National support pours in for Orlando
Thousands of people gathered across Orlando city hall to remember those who died in the mass shooting. Vigils have been taking place across the country as cities show their solidarity for Orlando and its LGBT community. In Austin Texas, Mayor Steve Adler spoke to the crowd.
“I want you to take time today, tomorrow, this week, this month and even right now to go out in public with the one you love and hold hands and kiss and don’t be afraid.”
Sunday’s shooting hit close to home in Colorado, where a gunman opened fire in an Aurora movie theater in 2012. Here’s Denver Mayor Michael Hancock
“And together with everyone, not just the LGBTQ community, but with our Muslim brothers, our Jewish brothers, our Catholic brothers and sisters.”
LGBT leaders urged their communities to remain hopeful and strong. Here’s David Moyer, president of the Gay Men’s Chorus in Dayton Ohio.
“But that sun will rise from something like this. We will have our moment in the sunshine once again and we will sing with pride and we will lock arms with our brothers and sisters. We will honor and remember those that were lost to this incredible tragedy and we will move on.”
In Winston-Salem, trans activist and minister Liam Hooper,
“The people of Orlando need to know that all of us throughout the country are gathering in places of faith and worship to hold vigil and to say we are with you and we are praying for you and we are thinking about you and we are sending that to you.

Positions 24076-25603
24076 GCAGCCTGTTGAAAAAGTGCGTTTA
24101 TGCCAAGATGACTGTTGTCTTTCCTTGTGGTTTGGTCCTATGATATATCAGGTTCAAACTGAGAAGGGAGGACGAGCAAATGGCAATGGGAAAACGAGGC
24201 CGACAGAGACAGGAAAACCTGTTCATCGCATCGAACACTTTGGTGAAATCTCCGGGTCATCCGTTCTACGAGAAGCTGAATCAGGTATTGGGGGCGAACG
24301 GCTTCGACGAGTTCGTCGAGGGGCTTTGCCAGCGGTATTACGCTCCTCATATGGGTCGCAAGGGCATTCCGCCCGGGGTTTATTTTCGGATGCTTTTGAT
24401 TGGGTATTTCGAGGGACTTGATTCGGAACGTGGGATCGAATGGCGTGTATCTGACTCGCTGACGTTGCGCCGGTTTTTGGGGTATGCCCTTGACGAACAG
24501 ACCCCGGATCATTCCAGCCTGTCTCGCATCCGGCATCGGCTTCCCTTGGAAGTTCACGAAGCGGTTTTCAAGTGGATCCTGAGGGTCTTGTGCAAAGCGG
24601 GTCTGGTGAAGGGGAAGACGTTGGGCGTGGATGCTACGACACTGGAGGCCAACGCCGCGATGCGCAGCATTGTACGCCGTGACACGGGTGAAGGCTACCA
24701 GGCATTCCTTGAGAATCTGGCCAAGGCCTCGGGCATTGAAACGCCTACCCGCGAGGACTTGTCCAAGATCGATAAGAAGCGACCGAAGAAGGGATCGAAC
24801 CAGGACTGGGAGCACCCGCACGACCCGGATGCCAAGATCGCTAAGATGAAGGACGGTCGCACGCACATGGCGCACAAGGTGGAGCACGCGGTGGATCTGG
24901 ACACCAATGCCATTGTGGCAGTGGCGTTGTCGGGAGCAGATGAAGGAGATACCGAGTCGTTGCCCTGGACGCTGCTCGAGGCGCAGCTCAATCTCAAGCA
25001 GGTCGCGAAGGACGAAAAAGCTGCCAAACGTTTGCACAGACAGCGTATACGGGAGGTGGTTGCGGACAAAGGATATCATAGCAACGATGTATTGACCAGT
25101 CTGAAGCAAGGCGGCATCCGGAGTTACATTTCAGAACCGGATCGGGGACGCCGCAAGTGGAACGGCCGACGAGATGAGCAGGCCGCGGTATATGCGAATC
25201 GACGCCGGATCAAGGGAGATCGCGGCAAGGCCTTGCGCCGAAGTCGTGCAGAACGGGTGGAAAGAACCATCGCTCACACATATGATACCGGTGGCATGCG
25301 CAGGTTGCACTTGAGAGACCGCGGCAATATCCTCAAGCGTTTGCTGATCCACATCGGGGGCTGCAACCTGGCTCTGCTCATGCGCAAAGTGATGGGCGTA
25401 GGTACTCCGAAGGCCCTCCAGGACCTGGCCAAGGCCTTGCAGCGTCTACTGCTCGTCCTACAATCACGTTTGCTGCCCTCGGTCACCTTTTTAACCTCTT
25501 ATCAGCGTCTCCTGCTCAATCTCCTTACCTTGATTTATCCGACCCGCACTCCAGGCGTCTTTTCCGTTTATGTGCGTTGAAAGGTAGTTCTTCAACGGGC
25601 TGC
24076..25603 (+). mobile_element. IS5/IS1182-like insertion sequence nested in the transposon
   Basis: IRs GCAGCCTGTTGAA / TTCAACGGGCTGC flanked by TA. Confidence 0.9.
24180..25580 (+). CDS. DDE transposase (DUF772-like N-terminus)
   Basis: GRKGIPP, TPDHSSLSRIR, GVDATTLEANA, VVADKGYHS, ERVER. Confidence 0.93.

Religion remained in focus at many gatherings. Here’s Joran Oppelt, President of St. Petersburg’s Interfaith Alliance.
“Tonight to me is not about guns, it’s not about politics, it’s not about religion, it’s not about your sexual preference, tonight for me is about hatred.”
Abdul Bargouthi, a leader at the Northern Nevada Muslim Community Center, said this in Reno:
“So do not give into hate, do not give into revenge, do not give into phobias, do not give into bigotry, and give in for hope.”
“This is because of us who sit silently while somebody says a derogatory term on the bus, on the street corner, at the family reunion.”
In Kansas City, MO, people prayed and worshiped at the Islamic Center of Johnson County.
Music and chants were a big part of morale raising efforts. Peggy Johnson opened a vigil in Oklahoma City with a version of Holly Near’s “Mountain Song,”
“Now you may drive a big machine, but I was born a great, big woman and you can’t just take my dreams away without me fighting.”
And chants echoed from the crowd in St. Louis, MO.
“We are alive for those who are not (for those who are not) We can breathe (we can breathe) for those who cannot (for those who cannot).”
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